Optimizing Scientific and Social Attributes of Pharmaceutical Take Back Programs to Improve Public and Environmental Health

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Research continues to show that pharmaceutical environmental contamination has caused adverse environmental effects, with one of the most studied effects being feminization of fish exposed to pharmaceutical endocrine disruptors. Additionally, there are also public health risks associated with pharmaceuticals because in-home reserves of medications provide opportunities for accidental poisoning and intentional medication abuse. Pharmaceutical take back programs have been seen as a remedy to these concerns; however a thorough review of peer-reviewed literature and publicly available information on these programs indicates limited research has been conducted to validate these programs as a purported solution. Furthermore, there are significant data gaps ... continued below

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Stoddard, Kati Ireland August 2012.

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  • Stoddard, Kati Ireland

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Research continues to show that pharmaceutical environmental contamination has caused adverse environmental effects, with one of the most studied effects being feminization of fish exposed to pharmaceutical endocrine disruptors. Additionally, there are also public health risks associated with pharmaceuticals because in-home reserves of medications provide opportunities for accidental poisoning and intentional medication abuse. Pharmaceutical take back programs have been seen as a remedy to these concerns; however a thorough review of peer-reviewed literature and publicly available information on these programs indicates limited research has been conducted to validate these programs as a purported solution. Furthermore, there are significant data gaps on key factors relating to take back program participants. The purpose of this dissertation was therefore to address these gaps in knowledge and ultimately determine if take back programs could actually improve public and environmental health. This was accomplished by conducting social and scientific research on a take back program called Denton Drug Disposal Day (D4). Socioeconomic, demographic, and geographic characteristics of D4 participants were investigated using surveys and geographic analysis. Impacts on public health were determined by comparing medications collected at D4 events with medications reported to the North Texas Poison Center as causing adverse drug exposures in Denton County. Impacts to environmental health were determined by monitoring hydrocodone concentrations in wastewater effluent released from Denton’s wastewater treatment plant before and after D4 events. Data collected and analyzed from the D4 events and the wastewater monitoring suggests D4 events were successful in contributing to improvements in public and environmental health; however there was insufficient evidence to prove that D4 events were exclusively responsible for these improvements. An additional interesting finding was that willingness to travel to participate in D4 events was limited to a five to six mile threshold. This geographic information, combined with other findings related to socioeconomic, demographic, and risk perception characteristics of D4 participants, has the potential to help improve the effectiveness of future take back events. This would allow these programs to better meet their common goals of improving both public and environmental health, which this study has shown is achievable to some degree.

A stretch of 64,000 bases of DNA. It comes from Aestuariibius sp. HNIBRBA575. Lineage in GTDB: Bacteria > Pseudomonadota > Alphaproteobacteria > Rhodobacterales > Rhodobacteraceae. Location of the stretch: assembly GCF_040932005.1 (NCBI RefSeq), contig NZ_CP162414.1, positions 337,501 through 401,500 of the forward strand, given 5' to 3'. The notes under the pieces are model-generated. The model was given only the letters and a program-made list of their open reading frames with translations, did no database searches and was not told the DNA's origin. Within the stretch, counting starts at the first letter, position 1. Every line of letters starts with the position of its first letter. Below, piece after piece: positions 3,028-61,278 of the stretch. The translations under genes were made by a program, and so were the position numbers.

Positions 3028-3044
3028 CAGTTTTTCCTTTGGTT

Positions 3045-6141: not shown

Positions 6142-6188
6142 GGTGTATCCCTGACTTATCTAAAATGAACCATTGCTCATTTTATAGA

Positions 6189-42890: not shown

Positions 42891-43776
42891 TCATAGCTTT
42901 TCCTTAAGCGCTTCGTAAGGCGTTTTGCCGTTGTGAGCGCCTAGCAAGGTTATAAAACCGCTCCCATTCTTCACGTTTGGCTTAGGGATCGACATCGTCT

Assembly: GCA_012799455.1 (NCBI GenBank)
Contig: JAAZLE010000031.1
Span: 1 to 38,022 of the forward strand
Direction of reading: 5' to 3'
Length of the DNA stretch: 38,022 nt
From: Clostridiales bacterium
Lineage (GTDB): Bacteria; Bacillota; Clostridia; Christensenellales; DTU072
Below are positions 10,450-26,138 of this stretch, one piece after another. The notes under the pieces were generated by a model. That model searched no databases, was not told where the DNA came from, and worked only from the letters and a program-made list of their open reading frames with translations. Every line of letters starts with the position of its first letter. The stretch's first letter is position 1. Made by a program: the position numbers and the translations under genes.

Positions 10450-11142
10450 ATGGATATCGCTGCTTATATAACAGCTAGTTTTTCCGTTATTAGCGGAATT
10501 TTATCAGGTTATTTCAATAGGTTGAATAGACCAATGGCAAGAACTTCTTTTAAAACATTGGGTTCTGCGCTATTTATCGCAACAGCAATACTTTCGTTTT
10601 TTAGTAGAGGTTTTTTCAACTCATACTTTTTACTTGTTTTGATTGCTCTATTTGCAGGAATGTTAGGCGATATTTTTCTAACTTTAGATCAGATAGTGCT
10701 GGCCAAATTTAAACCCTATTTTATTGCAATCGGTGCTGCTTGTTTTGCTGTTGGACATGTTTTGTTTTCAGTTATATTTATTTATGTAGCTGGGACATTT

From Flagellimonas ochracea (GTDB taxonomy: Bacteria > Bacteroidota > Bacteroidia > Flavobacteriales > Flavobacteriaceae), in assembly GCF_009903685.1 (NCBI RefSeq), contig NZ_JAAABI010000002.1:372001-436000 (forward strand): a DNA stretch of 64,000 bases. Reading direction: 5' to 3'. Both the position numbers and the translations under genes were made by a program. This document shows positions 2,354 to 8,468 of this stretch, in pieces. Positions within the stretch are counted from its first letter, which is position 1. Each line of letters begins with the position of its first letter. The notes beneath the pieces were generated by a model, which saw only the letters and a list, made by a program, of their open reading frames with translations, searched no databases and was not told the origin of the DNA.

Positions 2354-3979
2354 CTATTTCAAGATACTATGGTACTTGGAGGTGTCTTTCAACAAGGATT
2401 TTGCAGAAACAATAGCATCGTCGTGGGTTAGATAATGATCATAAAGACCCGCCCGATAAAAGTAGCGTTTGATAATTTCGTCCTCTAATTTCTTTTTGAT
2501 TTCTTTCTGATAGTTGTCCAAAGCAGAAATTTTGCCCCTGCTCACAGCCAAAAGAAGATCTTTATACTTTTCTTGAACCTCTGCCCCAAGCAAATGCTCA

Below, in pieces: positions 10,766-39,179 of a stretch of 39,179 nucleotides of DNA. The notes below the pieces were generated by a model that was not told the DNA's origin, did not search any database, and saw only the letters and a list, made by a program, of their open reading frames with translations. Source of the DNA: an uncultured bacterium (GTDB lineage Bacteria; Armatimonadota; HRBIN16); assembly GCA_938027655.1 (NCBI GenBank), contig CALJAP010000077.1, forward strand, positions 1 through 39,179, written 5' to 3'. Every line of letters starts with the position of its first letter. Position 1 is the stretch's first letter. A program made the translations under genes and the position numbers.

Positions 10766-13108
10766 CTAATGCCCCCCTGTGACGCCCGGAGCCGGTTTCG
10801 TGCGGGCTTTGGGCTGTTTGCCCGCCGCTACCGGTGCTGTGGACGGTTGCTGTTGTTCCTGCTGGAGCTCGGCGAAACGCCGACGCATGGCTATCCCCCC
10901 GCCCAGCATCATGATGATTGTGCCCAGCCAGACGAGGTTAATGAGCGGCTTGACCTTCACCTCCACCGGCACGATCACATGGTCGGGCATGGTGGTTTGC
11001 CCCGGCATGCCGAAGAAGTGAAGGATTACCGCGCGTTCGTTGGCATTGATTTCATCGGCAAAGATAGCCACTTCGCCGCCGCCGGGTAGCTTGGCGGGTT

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  • August 2012

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  • March 4, 2013, 2:02 p.m.

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  • June 27, 2017, 11:21 a.m.

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Stoddard, Kati Ireland. Optimizing Scientific and Social Attributes of Pharmaceutical Take Back Programs to Improve Public and Environmental Health, dissertation, August 2012; Denton, Texas. (digital.library.unt.edu/ark:/67531/metadc149670/: accessed October 23, 2017), University of North Texas Libraries, Digital Library, digital.library.unt.edu; .